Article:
CHATTANOOGA — The head of the Tennessee Hospital Association says hospitals across the state are going to suffer if TennCare is not expanded under the new federal health care law.
While the U.S. Supreme Court recently upheld most of the Affordable Care Act, justices struck down a mandate for states to expand their Medicaid programs. The court gave states the choice of opting into the Medicaid expansion in 2014.
“We’re going to have to sit down with the administration to see what we can do about it,” Craig Becker, president of the Tennessee Hospital Association, told the Chattanooga Times Free Press (http://bit.ly/N4WnCs). “It’s pretty clear that that is absolutely our Achilles heel right now.”
Tennessee Gov. Bill Haslam and Georgia Gov. Nathan Deal, both Republicans, said they haven’t decided whether to expand Medicaid under a law they oppose. Tennessee’s Medicaid program is called TennCare, and currently covers about 1.2 million people.
Haslam and state Finance Commissioner Mark Emkes have said the state has other pressing needs in areas like education.
“We don’t really know what we’re going to do ... but the cost impact to the state is very significant,” Haslam told reporters last week.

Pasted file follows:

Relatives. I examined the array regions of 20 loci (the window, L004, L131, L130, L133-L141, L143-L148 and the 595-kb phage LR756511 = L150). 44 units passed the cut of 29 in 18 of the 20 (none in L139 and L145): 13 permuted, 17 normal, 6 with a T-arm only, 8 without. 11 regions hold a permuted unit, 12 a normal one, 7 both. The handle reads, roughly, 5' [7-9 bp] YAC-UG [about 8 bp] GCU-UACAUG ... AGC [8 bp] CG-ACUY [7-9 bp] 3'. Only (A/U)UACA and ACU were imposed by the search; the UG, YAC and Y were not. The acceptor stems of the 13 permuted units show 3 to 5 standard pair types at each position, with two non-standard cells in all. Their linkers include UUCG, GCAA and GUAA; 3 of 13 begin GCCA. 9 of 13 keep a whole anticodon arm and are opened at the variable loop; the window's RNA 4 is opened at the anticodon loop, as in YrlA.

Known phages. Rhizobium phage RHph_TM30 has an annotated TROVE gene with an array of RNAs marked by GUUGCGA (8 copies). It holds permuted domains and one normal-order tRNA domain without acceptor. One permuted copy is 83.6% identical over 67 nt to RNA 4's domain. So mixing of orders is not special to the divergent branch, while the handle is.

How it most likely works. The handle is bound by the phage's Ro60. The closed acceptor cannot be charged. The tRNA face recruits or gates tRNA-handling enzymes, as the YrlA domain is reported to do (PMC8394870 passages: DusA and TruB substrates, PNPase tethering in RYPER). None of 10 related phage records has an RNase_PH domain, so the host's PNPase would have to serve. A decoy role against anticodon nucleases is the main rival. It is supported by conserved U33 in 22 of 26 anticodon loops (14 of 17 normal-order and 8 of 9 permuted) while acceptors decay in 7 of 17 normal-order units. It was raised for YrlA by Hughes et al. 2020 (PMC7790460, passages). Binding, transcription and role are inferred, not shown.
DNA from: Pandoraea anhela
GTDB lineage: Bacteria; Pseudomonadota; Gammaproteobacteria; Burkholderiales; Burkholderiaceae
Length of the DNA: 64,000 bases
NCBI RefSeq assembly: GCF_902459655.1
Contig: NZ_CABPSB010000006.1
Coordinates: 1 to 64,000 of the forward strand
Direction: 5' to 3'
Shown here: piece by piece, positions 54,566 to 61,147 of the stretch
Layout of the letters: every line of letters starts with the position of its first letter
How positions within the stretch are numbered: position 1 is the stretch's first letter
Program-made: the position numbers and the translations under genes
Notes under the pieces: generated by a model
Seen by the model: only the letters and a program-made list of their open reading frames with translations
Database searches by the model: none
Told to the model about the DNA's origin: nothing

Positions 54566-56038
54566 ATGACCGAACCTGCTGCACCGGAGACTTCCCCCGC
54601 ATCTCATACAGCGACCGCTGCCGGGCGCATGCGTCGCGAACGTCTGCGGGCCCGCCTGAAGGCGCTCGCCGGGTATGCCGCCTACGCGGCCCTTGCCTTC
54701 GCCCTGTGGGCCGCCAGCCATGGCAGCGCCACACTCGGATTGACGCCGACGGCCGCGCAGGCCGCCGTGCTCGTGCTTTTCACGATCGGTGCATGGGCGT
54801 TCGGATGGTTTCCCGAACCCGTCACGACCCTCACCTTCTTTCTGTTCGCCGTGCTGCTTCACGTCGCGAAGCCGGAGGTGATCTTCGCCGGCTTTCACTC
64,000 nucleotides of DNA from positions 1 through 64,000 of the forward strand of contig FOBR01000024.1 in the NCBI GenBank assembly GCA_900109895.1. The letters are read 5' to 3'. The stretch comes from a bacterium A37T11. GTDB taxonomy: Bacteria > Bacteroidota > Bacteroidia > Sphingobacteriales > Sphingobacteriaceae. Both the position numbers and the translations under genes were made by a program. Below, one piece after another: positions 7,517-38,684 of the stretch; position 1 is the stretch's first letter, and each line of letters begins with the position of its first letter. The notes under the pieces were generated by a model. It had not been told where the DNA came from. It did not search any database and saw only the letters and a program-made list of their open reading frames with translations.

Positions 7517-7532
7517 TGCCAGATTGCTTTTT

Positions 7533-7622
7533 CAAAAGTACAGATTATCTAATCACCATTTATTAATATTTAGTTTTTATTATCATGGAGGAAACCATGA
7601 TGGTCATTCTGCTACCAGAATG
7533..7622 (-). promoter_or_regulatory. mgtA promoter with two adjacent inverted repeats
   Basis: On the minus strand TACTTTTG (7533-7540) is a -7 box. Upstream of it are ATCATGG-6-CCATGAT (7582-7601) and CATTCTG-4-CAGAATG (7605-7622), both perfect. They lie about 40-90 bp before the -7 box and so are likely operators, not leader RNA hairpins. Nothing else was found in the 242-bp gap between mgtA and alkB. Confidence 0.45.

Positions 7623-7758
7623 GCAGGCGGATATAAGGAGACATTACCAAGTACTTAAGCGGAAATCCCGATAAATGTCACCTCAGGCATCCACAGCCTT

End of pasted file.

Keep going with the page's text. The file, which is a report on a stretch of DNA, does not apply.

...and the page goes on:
In Tennessee, about 930,000 people, or 14.7 percent of the population, have no insurance, according to U.S. Census Bureau estimates.
Becker said hospitals are worried because the health care law would drastically reduce special payments to hospitals that treat large numbers of Medicaid or uninsured patients.
The law assumes 30 million people nationwide will get coverage either through Medicaid or the individual mandate. The special payments will shrink $1 billion by 2019, Becker said.
“It would be pretty bad,” Becker said, noting many rural hospitals could be hard hit.
He said that while hospitals are eager for the Medicaid expansion, “we’re obviously aware it has to be done within the restraints of the budget.”
Gordon Bonnyman, executive director of the Tennessee Justice Center, a nonprofit law and advocacy group, said Tennessee’s non-participation in the Medicaid expansion would lead to “the collapse of a good portion of the hospital industry” in rural areas, and possibly cause a ripple effect.
“You just look at rural communities where in many counties the largest employer, or one of the top two or three, (is) the hospital,” Bonnyman said. “And when that closes, obviously that has a huge economic impact.”
Information from: Chattanooga Times Free Press, http://www.timesfreepress.com